8-36: Tenderloin with Mustard Sauce

8-36: Tenderloin with Mustard Sauce

8-36: Tenderloin with Mustard Sauce was the first of two beef tenderloin recipes I made on the same night. The other dish, 8-22:  Beef Tenderloin with Whole Garlic, was a completely different preparation. It was interesting to cook it two different ways and compare the final product.

Utilizing an onion-mustard marinade resulted in a completely different flavor than in the other tenderloin recipe. The beef was not marinated at all in the other recipe. If I had to choose, I prefer the marinated beef from this recipe because it was more tender.

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7-19: Cajun-Style Pork Ribs

7-19: Cajun-Style Pork Ribs

Chili’s, Applebee’s, Red Robin…I’ve enjoyed racks of ribs at almost every restaurant that offers ribs as a major offering on the menu. Freshly smoked ribs are a delicious delicacy. These oven baked ribs lack the smokiness of ribs cooked in a smoker. The flavor profile for 7-19: Cajun-Style Pork Ribs is influenced by the alcohol-infused marinade and the Cajun spice rub mixture.


Simply Delicious thinks these spices are fiery, however, I’ll have to disagree. Maybe I’m too desensitized to spice now, but I could have used about 30% more spiciness. I wasn’t always a fan of spicy food, but now some of my favorite hot sauces are sriracha, Tapatio, and Tabasco.

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8-29: Marinated Flank Steaks

8-29: Marinated Flank Steaks

Over the years I’ve made plenty of steaks, but I don’t have a lot of experience cooking flank steaks. Jamie grew up eating carne asada–but on the East Coast, we were eating Steak-Ums sandwiches. Not quite the same, but it got the job done. 8-29: Marinated Flank Steaks was a fun opportunity to cook this recipe and get familiar with cooking a different cut of beef that I’m used to.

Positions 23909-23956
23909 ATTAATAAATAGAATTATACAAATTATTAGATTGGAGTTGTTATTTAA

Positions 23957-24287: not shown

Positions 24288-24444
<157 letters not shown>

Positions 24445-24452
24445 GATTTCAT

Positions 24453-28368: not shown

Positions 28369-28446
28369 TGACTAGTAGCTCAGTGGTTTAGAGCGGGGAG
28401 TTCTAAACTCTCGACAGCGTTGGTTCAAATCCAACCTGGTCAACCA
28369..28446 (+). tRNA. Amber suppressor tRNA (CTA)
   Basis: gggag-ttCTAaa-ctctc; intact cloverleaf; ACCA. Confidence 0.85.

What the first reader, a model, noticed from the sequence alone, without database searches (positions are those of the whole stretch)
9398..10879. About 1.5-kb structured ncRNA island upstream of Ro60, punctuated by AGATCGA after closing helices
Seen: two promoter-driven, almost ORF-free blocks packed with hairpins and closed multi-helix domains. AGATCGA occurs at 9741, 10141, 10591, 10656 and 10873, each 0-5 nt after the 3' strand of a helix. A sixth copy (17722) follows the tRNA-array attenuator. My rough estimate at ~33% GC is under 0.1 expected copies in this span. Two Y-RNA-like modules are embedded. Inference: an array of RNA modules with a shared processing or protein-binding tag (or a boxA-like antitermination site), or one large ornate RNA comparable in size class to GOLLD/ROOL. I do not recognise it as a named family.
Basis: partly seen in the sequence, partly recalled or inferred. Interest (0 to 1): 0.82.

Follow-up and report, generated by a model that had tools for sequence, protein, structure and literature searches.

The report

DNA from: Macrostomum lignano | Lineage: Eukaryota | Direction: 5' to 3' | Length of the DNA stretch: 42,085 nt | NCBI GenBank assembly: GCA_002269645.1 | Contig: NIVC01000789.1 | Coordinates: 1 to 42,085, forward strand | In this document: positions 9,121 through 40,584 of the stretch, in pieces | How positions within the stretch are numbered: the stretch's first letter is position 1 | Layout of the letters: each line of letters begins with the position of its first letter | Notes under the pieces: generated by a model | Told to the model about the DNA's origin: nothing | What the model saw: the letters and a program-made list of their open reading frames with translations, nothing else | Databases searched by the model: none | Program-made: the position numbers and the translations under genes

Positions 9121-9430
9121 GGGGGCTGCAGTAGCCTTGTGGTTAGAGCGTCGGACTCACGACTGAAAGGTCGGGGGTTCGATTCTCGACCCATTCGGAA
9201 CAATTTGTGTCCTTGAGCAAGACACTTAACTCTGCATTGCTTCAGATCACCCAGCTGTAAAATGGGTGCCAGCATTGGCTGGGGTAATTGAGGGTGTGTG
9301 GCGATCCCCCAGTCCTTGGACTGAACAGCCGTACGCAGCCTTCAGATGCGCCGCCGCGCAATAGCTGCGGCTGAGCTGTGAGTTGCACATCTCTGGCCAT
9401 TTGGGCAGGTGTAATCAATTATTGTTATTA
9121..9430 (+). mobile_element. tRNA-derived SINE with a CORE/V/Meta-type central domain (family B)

I have some experience with marinades so this dish wasn’t too difficult for me to attempt. It is ranked Fairly Easy after all.

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7-29: Polynesian Spareribs

7-29: Polynesian Spareribs

Polynesian-style spareribs are my second or third favorite preparation of spareribs. As I described when I wrote 7-16: Orange-Glazed Spareribs, my grandmother’s recipe for Barbecue Spareribs still can’t be beat. However, these ginger and pineapple glazed ribs are more than acceptable. My dish came out of the oven tender and delicious, and maybe a little burnt from cooking too close to the broiler.

This meal is indeed, delectable, as described by the editors of Simply Delicious. I served this dish at a time of the year when corn-on-the-cob was not in season so my final plate looks a little different. The bright yellow corn would provide a nice contrast to the dark ribs on the plate.

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7-16: Orange-Glazed Spareribs

7-16: Orange-Glazed Spareribs

Spareribs are one of my favorite cuts of pork. I have fond childhood memories of my mother’s spareribs recipe that she got from her mother. I know it sounds cliché, using a recipe handed down from your mother’s mother, but I still use that recipe to this day. 7-16: Orange-Glazed Spareribs is not quite my grandmother’s recipe, but it gets the job done.